As masked theatre company Vamos brings its show about PTSD to Dundee Rep, artistic director Rachael Savage tells Michael Alexander why it’s a story that “must” be told.
Over the last few decades Britain has sent thousands of people into combat.
But what happens when these soldiers come back home, having lost their friends and killed their enemies?
Royal Scottish Academy of Music and Drama trained Rachael Savage asked herself that very question a few years ago when she read an article about former soldier Danny Fitzsimons.
In May 2008, the decorated sniper was diagnosed with combat-related post-traumatic stress disorder (PTSD) by a court-appointed doctor.
Yet he still managed to secure a job with a private security firm in Iraq whilst on bail for assault.
He had been back in Iraq for just 36 hours when he shot dead two colleagues and was later convicted of two murders.
“His parents first knew there was a problem when they found him in a wheelie bin at 3 o’clock in the morning,” said Rachael.
“I originally started to ask questions – why did that man think he was safer in the wheelie bin? It also made me ask the question how on earth would that make a parent feel?”
Rachael’s research then moved to Matthew Green’s 2015 PTSD book Aftershock – particularly the story of Aaron Black, the Blairgowrie lad whose trauma, and ultimate suicide, was rooted in watching the death of his best mate.
Aaron, a 22-year-old Black Watch veteran who joined up at 17, committed suicide in December 2011 just seven months after leaving the army.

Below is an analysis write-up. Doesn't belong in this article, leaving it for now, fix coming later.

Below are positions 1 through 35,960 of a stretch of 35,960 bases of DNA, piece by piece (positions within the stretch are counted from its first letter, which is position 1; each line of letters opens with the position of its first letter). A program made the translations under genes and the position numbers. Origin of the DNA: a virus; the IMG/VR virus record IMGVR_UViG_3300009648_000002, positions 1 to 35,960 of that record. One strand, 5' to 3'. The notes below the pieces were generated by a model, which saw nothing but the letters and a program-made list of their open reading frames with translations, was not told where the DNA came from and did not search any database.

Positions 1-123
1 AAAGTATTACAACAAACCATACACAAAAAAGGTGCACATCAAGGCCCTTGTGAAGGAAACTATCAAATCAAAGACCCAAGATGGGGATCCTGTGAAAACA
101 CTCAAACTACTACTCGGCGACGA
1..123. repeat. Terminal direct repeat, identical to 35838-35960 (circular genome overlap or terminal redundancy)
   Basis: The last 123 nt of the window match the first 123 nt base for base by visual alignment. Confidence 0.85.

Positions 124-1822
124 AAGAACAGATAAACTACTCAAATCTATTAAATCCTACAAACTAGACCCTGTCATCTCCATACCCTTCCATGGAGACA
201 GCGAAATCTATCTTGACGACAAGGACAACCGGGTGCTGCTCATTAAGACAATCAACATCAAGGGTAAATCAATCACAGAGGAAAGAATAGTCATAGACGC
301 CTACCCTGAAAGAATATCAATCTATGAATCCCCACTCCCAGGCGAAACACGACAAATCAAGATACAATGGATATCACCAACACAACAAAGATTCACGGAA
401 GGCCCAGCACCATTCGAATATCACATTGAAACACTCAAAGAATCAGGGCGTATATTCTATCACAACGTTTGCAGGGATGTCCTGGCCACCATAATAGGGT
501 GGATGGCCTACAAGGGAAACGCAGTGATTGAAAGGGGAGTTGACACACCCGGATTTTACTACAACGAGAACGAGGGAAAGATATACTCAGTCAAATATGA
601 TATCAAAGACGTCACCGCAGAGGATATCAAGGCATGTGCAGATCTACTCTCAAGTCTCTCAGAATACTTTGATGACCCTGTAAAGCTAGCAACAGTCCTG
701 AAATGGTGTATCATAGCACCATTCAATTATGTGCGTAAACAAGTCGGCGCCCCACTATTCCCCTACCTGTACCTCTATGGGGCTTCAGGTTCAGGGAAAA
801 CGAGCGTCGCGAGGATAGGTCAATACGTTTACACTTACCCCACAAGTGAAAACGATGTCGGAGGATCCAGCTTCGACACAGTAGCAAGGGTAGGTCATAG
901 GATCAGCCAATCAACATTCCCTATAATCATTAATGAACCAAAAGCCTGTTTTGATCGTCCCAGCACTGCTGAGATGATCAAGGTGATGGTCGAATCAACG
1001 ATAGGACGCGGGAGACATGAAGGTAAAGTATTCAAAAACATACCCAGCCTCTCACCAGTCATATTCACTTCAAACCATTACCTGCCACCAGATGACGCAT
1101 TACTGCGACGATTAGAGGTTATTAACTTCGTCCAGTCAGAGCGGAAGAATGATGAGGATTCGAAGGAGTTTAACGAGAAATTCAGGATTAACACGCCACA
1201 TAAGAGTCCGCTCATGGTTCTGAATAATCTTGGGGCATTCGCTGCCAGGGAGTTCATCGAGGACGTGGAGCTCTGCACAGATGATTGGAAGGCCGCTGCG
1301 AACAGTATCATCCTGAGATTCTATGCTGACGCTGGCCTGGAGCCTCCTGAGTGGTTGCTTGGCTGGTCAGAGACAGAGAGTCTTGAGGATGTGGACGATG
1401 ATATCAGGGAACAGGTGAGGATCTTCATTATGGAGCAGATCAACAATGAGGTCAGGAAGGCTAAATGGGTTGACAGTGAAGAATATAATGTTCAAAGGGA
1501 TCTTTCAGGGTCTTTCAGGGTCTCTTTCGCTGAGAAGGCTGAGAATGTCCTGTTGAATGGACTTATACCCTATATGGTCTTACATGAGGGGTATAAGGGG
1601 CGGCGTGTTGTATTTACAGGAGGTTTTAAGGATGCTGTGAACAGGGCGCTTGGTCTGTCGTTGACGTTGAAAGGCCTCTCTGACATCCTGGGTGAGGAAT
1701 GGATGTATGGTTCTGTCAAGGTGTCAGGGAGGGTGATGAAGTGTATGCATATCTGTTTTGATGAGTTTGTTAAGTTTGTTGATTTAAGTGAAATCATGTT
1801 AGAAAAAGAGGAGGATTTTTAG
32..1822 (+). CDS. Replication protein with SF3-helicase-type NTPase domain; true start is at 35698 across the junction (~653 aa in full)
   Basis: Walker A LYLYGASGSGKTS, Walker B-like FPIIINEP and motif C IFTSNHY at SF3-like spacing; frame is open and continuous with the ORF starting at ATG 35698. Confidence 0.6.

Shortly before Christmas that year, and haunted by memories of Afghanistan and the deaths of soldier friends, Aaron surrounded himself with treasured photographs, his army medals and a crucifix and sent a last ‘Goodbye’ text message to his mum June before taking his own life.
In the army his commander had praised him for his courage and well controlled aggression.
But in civilian life he started to lose that control.
Now Rachael, who is the artistic director of the Worcester-based Vamos Theatre company, is bringing the story of these – and other – soldiers who hide behind a ‘mask’ to Dundee Rep.
A Brave Face, which is a co-production with Mercury Theatre Colchester and a co-commission with London International Mime Festival, has been touring the UK since February to rave reviews from theatre goers and veterans alike.
What makes the show so powerful is that the actors all wear specially moulded masks and there is no verbal script.
Rachael, who was already “anti-war”, admits that when she was first approached by the Colchester Mercury Theatre to do a play about the military, her initial reaction was ‘why’?
However, having done her research, she now accepts this was a “very naïve and civvy response” and believes the whole of society needs to “wake up and be more aware” of PTSD.
“Ultimately this is the story of many,” said Rachael, who spent two years speaking to ex and serving soldiers, families and health professionals.
“It’s the story of Michael, of Ray, of Sue, of AJ – the list of names of soldiers, mothers, wives, partners is endless and I’ve been particularly lucky to be supported by Matthew Green and also by veterans.”
Rachael said the show aimed to get to the heart of the soldiers’ stories and the struggles of their loved ones – a hidden army of wives, partners, children and parents who are Britain’s “true conscripts”.
She owed particular thanks to a veteran called Ray Anderton who inspired the title A Brave Face and ensured there was a sense of realism throughout by advising on the script.
She explained: “I met Ray who early on said: ‘We all wear masks don’t we?’
“He then started saying ‘I wear a mask when I’m in denial, and then sometimes I wear a mask when I’m angry, or violent even, and that mask is not me and I don’t recognise that person’.”
Vamos was founded by Rachael in 2006, and, as a fully masked theatre company, means the actors wear beautifully moulded pieces of plastic on their face and don’t speak.
Working closely with mask maker Russell Dean of the Strangeface Theatre Company in Kent, Rachael describes it as a “highly visual form of theatre”.